Allow me a moment here.

I wish to speak about the schools, education, life downtown, and several other topics which might seem dreadfully boring at first, but walk with me for a few moments.






All reasons why it is so hard to attract people to cities, versus the suburbs. And for downtown reasons, you can magnify those tenfold.

Archetypes: Existing cities are all built off the same basic construct. A centralized location (which has shifted over the lifespan of the city) for all shopping and services. Small area grade schools, larger coverage area for the middle, and zoned High Schools, regional higher education. Access to interstate highways, centralized work areas, recreational areas. These are the hallmarks of any city. From Manhattan (planned as such) to Manhattan, KS. Some grow more organically than others, but most have some human hand behind the development at some point in the process. Every city, in it's very design - holds the prototype from it's inception.

Safety: It is difficult to provide 100% assurance that the world is safe, no matter where you are - or where you go. Even the best police department is still going to have a less than desirable track record when the community decides it will not be policed. Think the "Wild, Wild West" or 1920's Chicago. It's an organic machination that at some point the citizens of the city grow restless - weather it be in the midst of a heat wave, as in New York in 1977 during the blackout, or Los Angles during the 1992 Riots. There will always be an element that suffers from a dysfunctional moral compass. There will always be disagreement as to why this exists. Safety is in the heart of the individual, not in the collective of the population. Why can one person walk where others fear to tread? They know they can. And if two people know they can, then more will follow.

Education: There are few choices when it comes to education. Either you have it, or you do not. You cannot have some. Neither can you have all. Education is an ongoing process through which the human learns of the world around them. No, you do not want to do the homework - but you know you must. There are no options. Hard realization for someone who nearly skipped every homework assignment for the last 2 years of high school. But I continue to pay for that fact daily. But I continue to educate myself.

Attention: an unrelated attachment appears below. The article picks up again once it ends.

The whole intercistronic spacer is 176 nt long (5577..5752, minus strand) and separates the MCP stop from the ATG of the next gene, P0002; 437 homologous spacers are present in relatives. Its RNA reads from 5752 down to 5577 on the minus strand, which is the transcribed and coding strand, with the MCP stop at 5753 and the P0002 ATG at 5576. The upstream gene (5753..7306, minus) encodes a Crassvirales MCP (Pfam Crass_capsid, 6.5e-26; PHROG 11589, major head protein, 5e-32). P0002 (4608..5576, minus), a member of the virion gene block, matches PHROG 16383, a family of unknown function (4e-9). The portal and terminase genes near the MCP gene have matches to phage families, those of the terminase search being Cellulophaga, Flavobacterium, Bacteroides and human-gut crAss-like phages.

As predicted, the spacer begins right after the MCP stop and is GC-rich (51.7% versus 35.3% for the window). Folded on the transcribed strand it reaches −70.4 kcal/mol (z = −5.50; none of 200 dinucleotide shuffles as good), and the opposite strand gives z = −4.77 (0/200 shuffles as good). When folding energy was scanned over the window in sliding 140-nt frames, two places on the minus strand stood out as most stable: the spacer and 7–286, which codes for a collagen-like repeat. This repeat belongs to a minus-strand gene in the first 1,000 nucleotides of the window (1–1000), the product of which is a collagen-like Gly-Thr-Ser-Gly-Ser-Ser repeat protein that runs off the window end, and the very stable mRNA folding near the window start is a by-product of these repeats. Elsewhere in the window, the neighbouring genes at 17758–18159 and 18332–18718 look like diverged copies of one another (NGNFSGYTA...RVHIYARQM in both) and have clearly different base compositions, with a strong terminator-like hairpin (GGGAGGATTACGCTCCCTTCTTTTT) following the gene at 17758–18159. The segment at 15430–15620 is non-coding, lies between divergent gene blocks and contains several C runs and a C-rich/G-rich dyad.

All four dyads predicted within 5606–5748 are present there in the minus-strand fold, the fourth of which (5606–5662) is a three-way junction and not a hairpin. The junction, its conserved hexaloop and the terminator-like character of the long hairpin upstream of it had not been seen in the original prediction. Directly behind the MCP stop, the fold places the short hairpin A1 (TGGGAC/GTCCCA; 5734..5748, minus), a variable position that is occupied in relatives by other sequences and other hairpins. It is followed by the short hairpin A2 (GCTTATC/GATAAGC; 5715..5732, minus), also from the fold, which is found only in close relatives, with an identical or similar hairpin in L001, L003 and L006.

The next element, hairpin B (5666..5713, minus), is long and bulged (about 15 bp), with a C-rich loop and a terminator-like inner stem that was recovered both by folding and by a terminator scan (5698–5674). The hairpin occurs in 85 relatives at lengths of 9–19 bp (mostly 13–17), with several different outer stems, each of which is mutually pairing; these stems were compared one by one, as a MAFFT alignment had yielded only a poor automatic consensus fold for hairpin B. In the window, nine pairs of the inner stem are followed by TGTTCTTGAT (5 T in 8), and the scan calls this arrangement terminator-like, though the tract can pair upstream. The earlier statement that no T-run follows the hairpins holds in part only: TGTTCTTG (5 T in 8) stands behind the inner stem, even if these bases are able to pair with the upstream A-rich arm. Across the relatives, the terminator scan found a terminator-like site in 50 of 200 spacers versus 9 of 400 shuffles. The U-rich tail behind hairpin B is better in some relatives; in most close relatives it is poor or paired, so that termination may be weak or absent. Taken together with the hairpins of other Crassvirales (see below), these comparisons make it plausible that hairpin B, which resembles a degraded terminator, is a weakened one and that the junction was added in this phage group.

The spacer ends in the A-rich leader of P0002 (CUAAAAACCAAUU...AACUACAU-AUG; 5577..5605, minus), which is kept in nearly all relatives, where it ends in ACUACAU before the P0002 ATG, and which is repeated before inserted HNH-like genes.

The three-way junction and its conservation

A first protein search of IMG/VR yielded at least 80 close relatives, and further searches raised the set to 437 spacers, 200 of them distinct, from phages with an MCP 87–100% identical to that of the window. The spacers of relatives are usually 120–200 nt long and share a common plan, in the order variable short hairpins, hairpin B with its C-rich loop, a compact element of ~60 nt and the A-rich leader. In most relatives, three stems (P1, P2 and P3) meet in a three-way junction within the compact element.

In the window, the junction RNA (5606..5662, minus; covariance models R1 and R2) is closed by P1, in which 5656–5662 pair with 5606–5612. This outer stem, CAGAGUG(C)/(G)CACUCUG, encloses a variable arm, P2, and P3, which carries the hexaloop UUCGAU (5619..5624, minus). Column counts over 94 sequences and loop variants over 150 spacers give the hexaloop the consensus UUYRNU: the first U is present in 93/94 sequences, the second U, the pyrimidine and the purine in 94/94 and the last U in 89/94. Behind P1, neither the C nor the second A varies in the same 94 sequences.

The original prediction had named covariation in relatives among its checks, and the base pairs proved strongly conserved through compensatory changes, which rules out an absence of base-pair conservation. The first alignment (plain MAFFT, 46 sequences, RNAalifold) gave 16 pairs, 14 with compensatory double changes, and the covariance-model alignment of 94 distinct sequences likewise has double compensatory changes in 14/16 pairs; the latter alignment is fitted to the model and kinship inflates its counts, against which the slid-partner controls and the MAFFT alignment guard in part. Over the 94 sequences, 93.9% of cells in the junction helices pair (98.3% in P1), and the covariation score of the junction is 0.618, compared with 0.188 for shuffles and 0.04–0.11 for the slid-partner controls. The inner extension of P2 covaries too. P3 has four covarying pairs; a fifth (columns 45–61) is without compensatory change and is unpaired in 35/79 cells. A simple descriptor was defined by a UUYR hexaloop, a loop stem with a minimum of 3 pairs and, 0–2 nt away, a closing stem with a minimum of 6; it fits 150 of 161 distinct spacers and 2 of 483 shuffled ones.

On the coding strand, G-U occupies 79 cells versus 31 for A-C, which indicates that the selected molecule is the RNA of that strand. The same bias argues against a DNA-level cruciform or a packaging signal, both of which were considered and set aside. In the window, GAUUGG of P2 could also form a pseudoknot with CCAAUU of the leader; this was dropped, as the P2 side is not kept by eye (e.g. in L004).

I believe if you look at the data (should it ever have been collected), you will find a direct correlation between Roanoke's current drop-out dilemma, and the parents they come from. If education is not prioritized in the home, it will not be in life. And the reason Roanoke's numbers are so dismal? The "brain drain" the city has suffered in the past. The smarter you were - the more likely you were to leave. Leaving behind those of less education to fill the factory jobs. Well now the factories have closed, and these workers are finding themselves in a world where they have been rendered obsolete. But they lack the skills to educate themselves for a new career. They lack the knowledge that further education will allow them more opportunities. Sure, they know the smart people get better jobs - but they cannot conceive how. Want to solve the school problem Roanoke has? You need the families to invest the time and effort into making the schools the best they can be. Money and new buildings are meaningless when the population lacks the ability to grow.

: A city disengaged is a city unmotivated, and no amount of civic cheer-leading or campaigning can change that. In life, one has to choose one's battles - and the same holds true for populations. How many issues went unknown because the focus was on Victory Stadium? An excellent smokescreen, but of little value in the long run. Sad part being that a few council canidates (now members) were duped into thinking that Victory Stadium's demise would actually have some sort of effect on the city. Aside from a giant wreath placed on the gates, a special section in the paper, and a fight over bricks (and people will fight over anything free, esp. from the government) - the gain was negligible. We now have more space for soccer fields. Or a possible kayak park?

Who thinks of these things? Who thinks the city is doing a good job, or the citizens holding up their end of the bargain? We are only as good as those we allow to represent us. And we are only as effective as the leadership we select. Judging by the form of governance we have here, we are not very effective as citizens. We love committees, always hoping they will validate our ideas. Cries of conspiracy when they do not. But we do not communicate well our ideas, or worse - we question the ideas of those who do. Our representative government is a poor reflection upon us, and we of it. It works both ways, and both go against Roanoke evolving into the New Roanoke it so desperately needs to be. You will never 100% agree with everything the city does, but you should at least feel like you had a voice. Everyone over the age of 18, and registered is eligible to vote - but many see nothing but futility when they look at a ballot.